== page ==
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CHAMBERS OF
BARBARA M. QUINN, JUDGE
CHIEF COURT ADMINISTRATOR
231 CAPITOL AVENUE
HARTFORD, CT 06106

 
 
 
Testimony of Judge Barbara M. Quinn Chief Court Administrator Judiciary Committee Public Hearing - March 26, 2009

Senate Bill 858, An Act Concerning Family Support Magistrates House Bill 6700, An Act Concerning the Appointment and Compensation of Family Support Magistrates

Good morning. My name is Barbara Quinn and I am the Chief Court Administrator. I am here today on behalf of the Judicial Branch to oppose Senate Bill 858, An Act Concerning Family Support Magistrates and to support House Bill 6700, An Act Concerning the Appointment and Compensation of Family Support Magistrates.

By way of background, there are 9 family support magistrates and 3 family support magistrate referees who were appointed by the Governor for terms of three years. This process has been in effect since 1986, when the General Assembly created the Family Support Magistrate Division to establish and enforce child and spousal support payments, and to recover funds paid out in state assistance. There has been a significant change in the program since then. It is no longer a program to benefit the state only. Last year, 82% of the money collected was distributed to Connecticut families.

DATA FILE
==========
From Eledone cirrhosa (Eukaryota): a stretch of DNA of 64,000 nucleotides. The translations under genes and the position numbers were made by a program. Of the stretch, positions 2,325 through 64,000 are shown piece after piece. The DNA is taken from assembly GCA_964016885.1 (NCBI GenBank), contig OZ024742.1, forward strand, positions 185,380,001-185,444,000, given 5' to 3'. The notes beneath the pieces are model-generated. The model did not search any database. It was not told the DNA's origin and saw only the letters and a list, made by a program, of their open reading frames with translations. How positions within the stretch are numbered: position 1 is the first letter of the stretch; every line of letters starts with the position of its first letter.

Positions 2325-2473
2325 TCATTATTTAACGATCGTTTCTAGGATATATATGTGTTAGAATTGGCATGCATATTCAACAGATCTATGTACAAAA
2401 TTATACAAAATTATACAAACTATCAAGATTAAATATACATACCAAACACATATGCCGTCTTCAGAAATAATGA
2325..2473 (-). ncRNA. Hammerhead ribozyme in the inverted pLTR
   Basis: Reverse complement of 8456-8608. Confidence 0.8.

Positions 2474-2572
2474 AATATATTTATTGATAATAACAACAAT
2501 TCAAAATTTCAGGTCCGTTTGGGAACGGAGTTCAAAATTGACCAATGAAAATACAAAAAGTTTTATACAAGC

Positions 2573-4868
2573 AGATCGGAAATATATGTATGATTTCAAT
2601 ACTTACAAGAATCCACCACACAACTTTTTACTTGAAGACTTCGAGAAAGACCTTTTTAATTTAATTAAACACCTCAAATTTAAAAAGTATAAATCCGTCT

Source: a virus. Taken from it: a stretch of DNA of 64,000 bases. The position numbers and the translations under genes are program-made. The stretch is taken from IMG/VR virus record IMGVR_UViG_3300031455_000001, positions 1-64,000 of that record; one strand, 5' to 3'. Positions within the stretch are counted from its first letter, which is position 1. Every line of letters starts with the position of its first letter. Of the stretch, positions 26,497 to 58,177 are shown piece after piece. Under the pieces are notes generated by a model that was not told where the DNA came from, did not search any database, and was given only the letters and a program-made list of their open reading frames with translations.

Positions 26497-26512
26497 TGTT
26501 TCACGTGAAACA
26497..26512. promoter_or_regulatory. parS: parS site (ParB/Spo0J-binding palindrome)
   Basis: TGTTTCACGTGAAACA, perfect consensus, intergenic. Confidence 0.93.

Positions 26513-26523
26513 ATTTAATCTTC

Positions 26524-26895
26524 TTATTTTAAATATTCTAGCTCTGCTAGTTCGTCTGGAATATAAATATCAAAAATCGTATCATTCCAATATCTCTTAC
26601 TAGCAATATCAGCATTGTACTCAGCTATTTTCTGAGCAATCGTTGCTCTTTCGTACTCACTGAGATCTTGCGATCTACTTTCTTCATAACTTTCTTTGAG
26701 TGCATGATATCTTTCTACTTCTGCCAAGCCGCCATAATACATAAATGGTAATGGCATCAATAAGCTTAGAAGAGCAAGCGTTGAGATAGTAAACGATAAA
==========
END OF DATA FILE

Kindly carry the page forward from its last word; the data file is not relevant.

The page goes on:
Although the terms of the family support magistrates are different because they are based upon the individual date of appointment of each magistrate, Senate Bill 858 retroactively changes the terms of all of the magistrates by ending their appointment on June 30, 2009. This is unfair. The magistrates were appointed based upon a statute that has been in effect for about 23 years. It is certainly within your purview to change the appointment process; however, I believe that any change should be prospective.

The magistrates, in good faith, accepted their appointments with the expectation that their term would end early only if they were removed from their position by the Governor for cause. They played by the rules and made life decisions affecting their families and their profession based upon the current statute. In contrast, Raised Bill 6700, implements a reappointment process for family support magistrates prospectively, which we support. So, as the individual magistratesí terms expire, the new process would go into effect for their next reappointment.

Another difference between the two bills is that House Bill 6700 treats the family support magistrates similar to workers compensation commissioners in terms of their salary and the length of their term. We support these provisions.

I would like to reiterate that it is certainly within your discretion to alter the appointment process for the family support magistrates. However, I strongly believe that any change should be prospective and therefore, recommend that you reject Senate Bill 858.

Thank you for the opportunity to testify. I would be happy to answer any questions that you may have.

 

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